I drink softened water. The dissolved sodium is negligible compared to my large fries from [insert fast food restaurant here].
  • JUGHNE
    JUGHNE Member Posts: 9,760
    That is the story I hear from others, we are very lucky to have good water from muni wells.
  • Jamie Hall
    Jamie Hall Member Posts: 18,934
    As @the_donut says, the main hazard from softened water for drinking is the possibly elevated chloride levels. There is another, though, but it's rare: if you should be so unfortunate as to have lead pipe remaining in your building downstream of the softener, the lead levels may be elevated (ion exchange softened water is somewhat corrosive). But as I say, that's a mild problem. I've never had a problem with drinking softened water...

    On the other hand, I hate showering with it -- I can't ever seem to get the slippery feeling off!
    Br. Jamie, osb
    Building superintendent/caretaker, 7200 sq. ft. historic house museum with dependencies in New England
  • the_donut
    the_donut Member Posts: 374
    Slipperiness happens when the water is over softened. The unit at the house I had growing up had a broken timer and was backwashing too often. The resin bed was so saturated we had to flush the system after 200# of salt had been used for a month and the water tasted like a salt lick.

    I have heard coffee drinkers being particularly sensitive to softened water in their brews though.
  • Shalom
    Shalom Member Posts: 165
    I drink distilled water, when I can get it.

    My house has the (single-pipe steam) boilers fed from the hot water heaters, not the cold, and has since 1963. Blame Mayor Bill Imken for this, he installed them.
  • TeachMeSteam
    TeachMeSteam Member Posts: 128
    Hi, Jamie,

    Thanks for the answer. I actually love to know these things.
    But why is cold water better than hot water? I would assume that hot water would be best as it would be closer to the temp of the water that's already in there, water already deoxygenated, etc.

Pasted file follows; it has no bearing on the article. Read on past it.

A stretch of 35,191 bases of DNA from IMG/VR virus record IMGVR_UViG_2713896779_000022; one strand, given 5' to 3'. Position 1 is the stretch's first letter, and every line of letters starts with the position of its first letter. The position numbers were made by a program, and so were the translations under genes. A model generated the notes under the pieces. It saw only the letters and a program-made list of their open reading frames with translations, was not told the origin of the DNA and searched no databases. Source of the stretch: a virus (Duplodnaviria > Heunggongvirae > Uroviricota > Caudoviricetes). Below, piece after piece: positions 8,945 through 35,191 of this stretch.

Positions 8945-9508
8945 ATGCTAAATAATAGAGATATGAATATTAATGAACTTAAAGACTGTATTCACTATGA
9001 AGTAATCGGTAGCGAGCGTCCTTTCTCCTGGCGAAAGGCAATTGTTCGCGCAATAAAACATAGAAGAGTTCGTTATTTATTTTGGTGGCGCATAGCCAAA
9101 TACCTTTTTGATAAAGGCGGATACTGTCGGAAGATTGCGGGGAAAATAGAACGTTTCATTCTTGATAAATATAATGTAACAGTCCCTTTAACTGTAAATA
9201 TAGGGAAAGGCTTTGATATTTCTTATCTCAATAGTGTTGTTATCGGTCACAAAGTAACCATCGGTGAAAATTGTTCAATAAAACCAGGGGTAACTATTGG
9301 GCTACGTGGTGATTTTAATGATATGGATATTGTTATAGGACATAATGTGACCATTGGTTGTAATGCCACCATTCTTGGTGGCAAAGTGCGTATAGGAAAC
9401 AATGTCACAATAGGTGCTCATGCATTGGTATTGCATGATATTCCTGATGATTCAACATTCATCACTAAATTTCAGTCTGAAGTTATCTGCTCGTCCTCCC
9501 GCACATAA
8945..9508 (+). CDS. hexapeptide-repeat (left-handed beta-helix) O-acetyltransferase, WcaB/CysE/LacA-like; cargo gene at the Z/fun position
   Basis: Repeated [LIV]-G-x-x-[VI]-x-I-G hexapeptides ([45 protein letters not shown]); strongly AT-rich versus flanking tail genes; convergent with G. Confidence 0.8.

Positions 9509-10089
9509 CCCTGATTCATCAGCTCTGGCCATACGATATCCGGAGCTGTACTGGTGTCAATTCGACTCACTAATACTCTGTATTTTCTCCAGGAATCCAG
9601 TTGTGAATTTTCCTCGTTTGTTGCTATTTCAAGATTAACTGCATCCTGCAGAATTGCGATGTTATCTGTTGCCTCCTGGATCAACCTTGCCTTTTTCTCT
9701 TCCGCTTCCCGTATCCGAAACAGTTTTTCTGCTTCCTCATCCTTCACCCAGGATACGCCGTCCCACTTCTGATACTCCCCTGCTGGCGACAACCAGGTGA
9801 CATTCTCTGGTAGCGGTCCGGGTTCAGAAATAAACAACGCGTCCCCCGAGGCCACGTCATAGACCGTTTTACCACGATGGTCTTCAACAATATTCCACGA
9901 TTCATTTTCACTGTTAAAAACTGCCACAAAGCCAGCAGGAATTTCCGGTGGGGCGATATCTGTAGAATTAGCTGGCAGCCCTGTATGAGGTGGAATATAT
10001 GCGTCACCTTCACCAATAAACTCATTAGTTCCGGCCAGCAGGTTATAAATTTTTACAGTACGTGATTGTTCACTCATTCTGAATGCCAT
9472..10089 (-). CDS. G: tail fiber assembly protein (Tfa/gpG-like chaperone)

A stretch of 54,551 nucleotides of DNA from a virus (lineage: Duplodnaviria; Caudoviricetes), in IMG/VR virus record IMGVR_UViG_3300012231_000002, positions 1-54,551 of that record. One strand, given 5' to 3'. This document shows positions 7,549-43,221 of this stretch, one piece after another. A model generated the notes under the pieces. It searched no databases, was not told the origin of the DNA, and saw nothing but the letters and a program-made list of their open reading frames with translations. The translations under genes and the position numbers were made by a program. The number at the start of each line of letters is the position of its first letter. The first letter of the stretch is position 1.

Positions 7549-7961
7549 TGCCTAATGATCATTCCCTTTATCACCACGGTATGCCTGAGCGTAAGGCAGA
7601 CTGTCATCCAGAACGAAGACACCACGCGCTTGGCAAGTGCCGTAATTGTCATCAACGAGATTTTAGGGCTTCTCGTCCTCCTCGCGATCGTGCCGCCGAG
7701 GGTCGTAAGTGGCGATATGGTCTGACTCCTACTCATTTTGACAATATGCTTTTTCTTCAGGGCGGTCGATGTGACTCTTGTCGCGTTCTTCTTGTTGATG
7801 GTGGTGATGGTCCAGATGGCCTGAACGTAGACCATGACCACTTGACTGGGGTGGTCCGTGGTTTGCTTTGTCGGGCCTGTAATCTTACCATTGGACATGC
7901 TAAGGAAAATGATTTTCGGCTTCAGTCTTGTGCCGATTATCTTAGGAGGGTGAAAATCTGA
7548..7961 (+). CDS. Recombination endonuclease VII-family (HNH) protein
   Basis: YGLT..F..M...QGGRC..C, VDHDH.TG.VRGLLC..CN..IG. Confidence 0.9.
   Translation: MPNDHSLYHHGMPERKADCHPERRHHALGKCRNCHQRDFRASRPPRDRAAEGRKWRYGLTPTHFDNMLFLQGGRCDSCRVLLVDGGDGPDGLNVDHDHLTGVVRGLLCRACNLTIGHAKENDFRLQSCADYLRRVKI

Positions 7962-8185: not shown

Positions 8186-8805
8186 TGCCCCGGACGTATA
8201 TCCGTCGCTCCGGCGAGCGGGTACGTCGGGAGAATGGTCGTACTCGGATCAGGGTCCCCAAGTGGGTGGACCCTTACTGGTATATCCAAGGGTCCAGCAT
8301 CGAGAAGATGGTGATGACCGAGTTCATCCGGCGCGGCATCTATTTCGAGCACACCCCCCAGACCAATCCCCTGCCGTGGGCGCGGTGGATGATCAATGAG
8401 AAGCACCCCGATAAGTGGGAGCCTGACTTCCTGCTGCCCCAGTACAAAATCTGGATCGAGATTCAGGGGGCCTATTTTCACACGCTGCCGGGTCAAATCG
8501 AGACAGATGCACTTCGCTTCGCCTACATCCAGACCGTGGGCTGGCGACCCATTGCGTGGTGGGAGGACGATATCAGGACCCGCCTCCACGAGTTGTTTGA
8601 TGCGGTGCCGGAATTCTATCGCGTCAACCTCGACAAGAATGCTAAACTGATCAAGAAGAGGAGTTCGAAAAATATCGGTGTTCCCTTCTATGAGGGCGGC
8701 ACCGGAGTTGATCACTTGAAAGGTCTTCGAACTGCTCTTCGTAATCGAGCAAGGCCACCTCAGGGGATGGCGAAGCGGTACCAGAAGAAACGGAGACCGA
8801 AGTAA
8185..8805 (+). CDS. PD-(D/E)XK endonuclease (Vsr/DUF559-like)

On hot water vs. cold water for the boiler feed -- cold. Actually, you should be feeding so little water anyway that it wouldn't make a noticeable difference.

    Water softening is an interesting problem. From the standpoint of the boiler, you should be using so little water that scaling shouldn't be a problem, even with pretty hard water. On the other hand, corrosion is a problem -- and softened water is a good bit more corrosive than hard water. For hot water heating -- where the water use should be zero -- one could fill with distilled or reverse osmosis water and a corrosion inhibitor and let it be (check the inhibitor from time to time), but for a steam boiler system for residential use, I'd just use what was available and, if it really is weird use something like Steamaster in moderation for pH and some corrosion control.

    From the standpoint of your domestic water, softened water is often desirable, and the corrosion problem isn't as much of an issue. However, what type of water softener is best for a given situation depends on what sort of hard water problem you really have -- and that can only be determined by testing the water. There is no one best answer.

    Water filtration is another story altogether -- and filtration and softening are not to be confused. The type of filtration which is best, though, again depends on what you are trying to filter out -- and on what you are trying to achieve in terms of output. And again, there is no one best answer.

  • TeachMeSteam
    TeachMeSteam Member Posts: 128
    For everyone else, of course, the water softener isn't for me to drink! It's for the hard water that screws up everything else from the terrible laundry, the lime all over bathroom fixtures, the lime line in the toilet bowl that now never comes off, to the less effective dishwasher machines. (Trust me I waited too long and that lime line in the toilet bowl is PERMANENT. I've tried EVERYTHING. I should have kept up with getting rid of it every few months or so but I waited like 2 years. I must have tried 10 different methods, products, etc.) I HATE hard water. Btw, it's above 15 ppm where I live.